It looks as though Duane Chapman's image and A&E show aren't the only things that might suffer a hit from his repeated use of the N-word.

Monique Shinnery, the girlfriend of Chapman's son Tucker who was the target of the Dog the Bounty Hunter star's racially-charged rant, said she plans on suing Chapman, The National Enquirer reported Thursday.

"I'm going to sue Dog Chapman.  I want justice," Shinnery told The Enquirer.  "He has slandered me, stated that I have bad character and repeatedly lied about me on national television.  If I'm ever going to hold my head up in public again, I need to stand-up for what is right."

A taped phone conversation that took place in March in which Chapman could be heard repeatedly using the N-word was allegedly sold by his son Tucker to The Enquirer, which subsequently made the tape available to the public.  In the conversation, Chapman and Tucker are discussing the possible fallout of using the N-word around Shinnery, who is black.

"I don't care if she's a Mexican, a whore, whatever," Chapman said in the tape.  "It's not because she's black, it's because we use the word n***er sometimes here.  I'm not going to take a chance ever in life -- losing everything I worked for for 30 years -- because some f**king n***er heard us say n***er and turned us into The Enquirer magazine.  Our career is over.  I'm not taking that chance at all.  Never in life.  Never."

Chapman subsequently issued a written apology, explaining he was "disappointed" in Tucker's friendship with Shinnery "not due to her race, but her character." 

"Dog Chapman is a racist, no matter what he says. It's not about money - it's about defending my good name. He has damaged my character and slandered me, and I have to stand up for myself," the 21-year-old told The Enquirer. "Dog Chapman knows nothing about my character.  He doesn't know me, and he has never met me."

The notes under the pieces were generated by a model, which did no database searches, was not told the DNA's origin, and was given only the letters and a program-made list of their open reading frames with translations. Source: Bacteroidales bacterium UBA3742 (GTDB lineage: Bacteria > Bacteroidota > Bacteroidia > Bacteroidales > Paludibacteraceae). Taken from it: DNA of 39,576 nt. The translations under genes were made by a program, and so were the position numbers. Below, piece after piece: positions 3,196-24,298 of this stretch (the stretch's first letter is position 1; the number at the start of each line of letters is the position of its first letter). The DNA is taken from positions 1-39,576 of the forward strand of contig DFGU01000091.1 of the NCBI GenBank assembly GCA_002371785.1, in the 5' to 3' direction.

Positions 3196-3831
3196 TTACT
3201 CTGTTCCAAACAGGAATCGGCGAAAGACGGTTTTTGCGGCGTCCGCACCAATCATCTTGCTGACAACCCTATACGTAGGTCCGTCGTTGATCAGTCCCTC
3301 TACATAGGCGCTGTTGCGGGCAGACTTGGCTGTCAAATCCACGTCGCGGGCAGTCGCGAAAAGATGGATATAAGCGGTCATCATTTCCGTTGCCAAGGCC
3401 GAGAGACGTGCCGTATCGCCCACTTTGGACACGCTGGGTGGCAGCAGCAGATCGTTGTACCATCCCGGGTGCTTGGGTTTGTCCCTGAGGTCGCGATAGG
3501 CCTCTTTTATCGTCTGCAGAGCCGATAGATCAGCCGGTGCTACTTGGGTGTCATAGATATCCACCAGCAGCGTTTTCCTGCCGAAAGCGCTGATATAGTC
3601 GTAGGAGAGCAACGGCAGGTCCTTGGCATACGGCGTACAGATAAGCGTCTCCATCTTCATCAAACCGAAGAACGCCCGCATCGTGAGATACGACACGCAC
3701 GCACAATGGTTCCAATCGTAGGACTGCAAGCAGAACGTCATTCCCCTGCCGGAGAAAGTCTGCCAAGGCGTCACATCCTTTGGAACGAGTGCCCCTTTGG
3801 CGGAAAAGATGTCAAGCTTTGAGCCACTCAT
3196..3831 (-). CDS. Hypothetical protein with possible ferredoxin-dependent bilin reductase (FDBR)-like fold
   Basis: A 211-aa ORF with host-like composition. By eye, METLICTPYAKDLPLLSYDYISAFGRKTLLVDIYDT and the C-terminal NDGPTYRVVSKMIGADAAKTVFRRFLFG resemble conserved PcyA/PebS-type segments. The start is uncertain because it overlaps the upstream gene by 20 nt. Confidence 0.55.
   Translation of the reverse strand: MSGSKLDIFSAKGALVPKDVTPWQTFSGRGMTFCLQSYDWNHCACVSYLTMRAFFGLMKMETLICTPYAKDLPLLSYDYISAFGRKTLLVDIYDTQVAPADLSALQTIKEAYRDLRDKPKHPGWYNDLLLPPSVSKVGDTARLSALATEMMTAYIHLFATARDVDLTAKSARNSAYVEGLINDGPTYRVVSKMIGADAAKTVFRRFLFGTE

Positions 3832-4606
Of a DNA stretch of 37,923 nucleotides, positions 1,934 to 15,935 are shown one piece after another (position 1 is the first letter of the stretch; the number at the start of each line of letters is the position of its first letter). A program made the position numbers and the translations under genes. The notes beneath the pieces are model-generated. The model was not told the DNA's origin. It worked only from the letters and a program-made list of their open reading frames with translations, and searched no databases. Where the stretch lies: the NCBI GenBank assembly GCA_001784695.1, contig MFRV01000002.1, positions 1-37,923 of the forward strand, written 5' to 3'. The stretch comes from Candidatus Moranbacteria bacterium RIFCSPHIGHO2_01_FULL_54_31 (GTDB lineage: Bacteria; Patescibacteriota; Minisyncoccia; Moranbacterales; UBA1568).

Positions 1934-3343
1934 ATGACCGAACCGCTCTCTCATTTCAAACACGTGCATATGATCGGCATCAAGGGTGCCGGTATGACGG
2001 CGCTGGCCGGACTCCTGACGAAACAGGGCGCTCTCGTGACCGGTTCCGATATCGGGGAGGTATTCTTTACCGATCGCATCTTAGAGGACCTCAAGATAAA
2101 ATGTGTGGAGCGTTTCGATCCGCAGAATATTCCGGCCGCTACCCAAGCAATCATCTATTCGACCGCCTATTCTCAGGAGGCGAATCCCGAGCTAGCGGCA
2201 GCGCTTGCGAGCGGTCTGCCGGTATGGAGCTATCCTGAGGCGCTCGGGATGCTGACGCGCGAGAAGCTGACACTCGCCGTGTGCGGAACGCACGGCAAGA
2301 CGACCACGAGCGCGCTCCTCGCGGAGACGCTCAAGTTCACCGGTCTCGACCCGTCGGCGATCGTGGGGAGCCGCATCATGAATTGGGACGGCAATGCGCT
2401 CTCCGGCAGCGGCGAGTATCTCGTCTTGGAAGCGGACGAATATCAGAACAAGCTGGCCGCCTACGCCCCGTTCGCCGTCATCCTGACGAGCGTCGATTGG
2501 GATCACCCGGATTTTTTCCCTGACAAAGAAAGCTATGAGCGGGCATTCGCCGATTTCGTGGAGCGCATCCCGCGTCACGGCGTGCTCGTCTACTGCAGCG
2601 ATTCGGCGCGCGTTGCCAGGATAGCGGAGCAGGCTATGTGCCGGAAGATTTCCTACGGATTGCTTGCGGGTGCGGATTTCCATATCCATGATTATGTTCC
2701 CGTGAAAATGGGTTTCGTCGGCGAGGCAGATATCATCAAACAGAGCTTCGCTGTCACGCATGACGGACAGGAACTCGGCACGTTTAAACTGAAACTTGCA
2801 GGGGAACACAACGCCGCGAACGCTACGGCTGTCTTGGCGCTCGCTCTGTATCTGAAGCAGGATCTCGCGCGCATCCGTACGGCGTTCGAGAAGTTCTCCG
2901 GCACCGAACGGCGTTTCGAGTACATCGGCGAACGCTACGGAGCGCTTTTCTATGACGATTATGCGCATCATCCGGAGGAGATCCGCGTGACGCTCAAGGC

In addition to his formal apology, Chapman also personally asked for forgiveness during a Tuesday night appearance on Fox News' Hannity & Colmes broadcast. 

However during the interview, he also alleged that he caught wind of a plan in which Shinnery and her friends -- who he claimed were wearing tank tops at the time -- were going to attack his wife Beth in the their Honolulu office parking lot as part of a convoluted attempt to coax Chapman into using the N-word on tape, which they then hoped to sell to The Enquirer.

"Dog said on television that I had a plan to jump Beth and hoped to tape her using racial language. He said he saw me and another girl in a car outside his shop, wearing tank tops.  I never wear a tank top, I have never been in that parking lot when they were at their bail bond shop and I certainly wouldn't jump Beth. I weigh 105 pounds! She'd kill me!" Shinnery told The Enquirer.  "It was all lies. He 'apologizes' and then continues to lie about me. I cannot and do not accept his apology, because it was insincere."

Shinnery said the issue is beyond Chapman's use of the N-word and is instead about "him not wanting a black woman to be part of his family or part of his son's life."  She accused Chapman and his family of using the N-word "all the time" and reiterated she saw no sincerity in his apologies.

"What Dog said was disgusting. Dog is not sorry for what he said -- he's never going to be sorry," she told The Enquirer.  "He's just putting on an act, trying desperately to get his show back. He will never accept me."

Due to the comments, A&E has suspended production on Dog the Bounty Hunter's fifth season and pulled reruns of the show's first four seasons off its primetime programming schedule.  Shinnery said the tape being made public has also tarnished her own reputation.
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"I have had threats from his fans. I have been hiding, afraid to go out.  After Dog's slander against me, my boss told me they might require that I take a drug test. I have never done drugs," she told The Enquirer.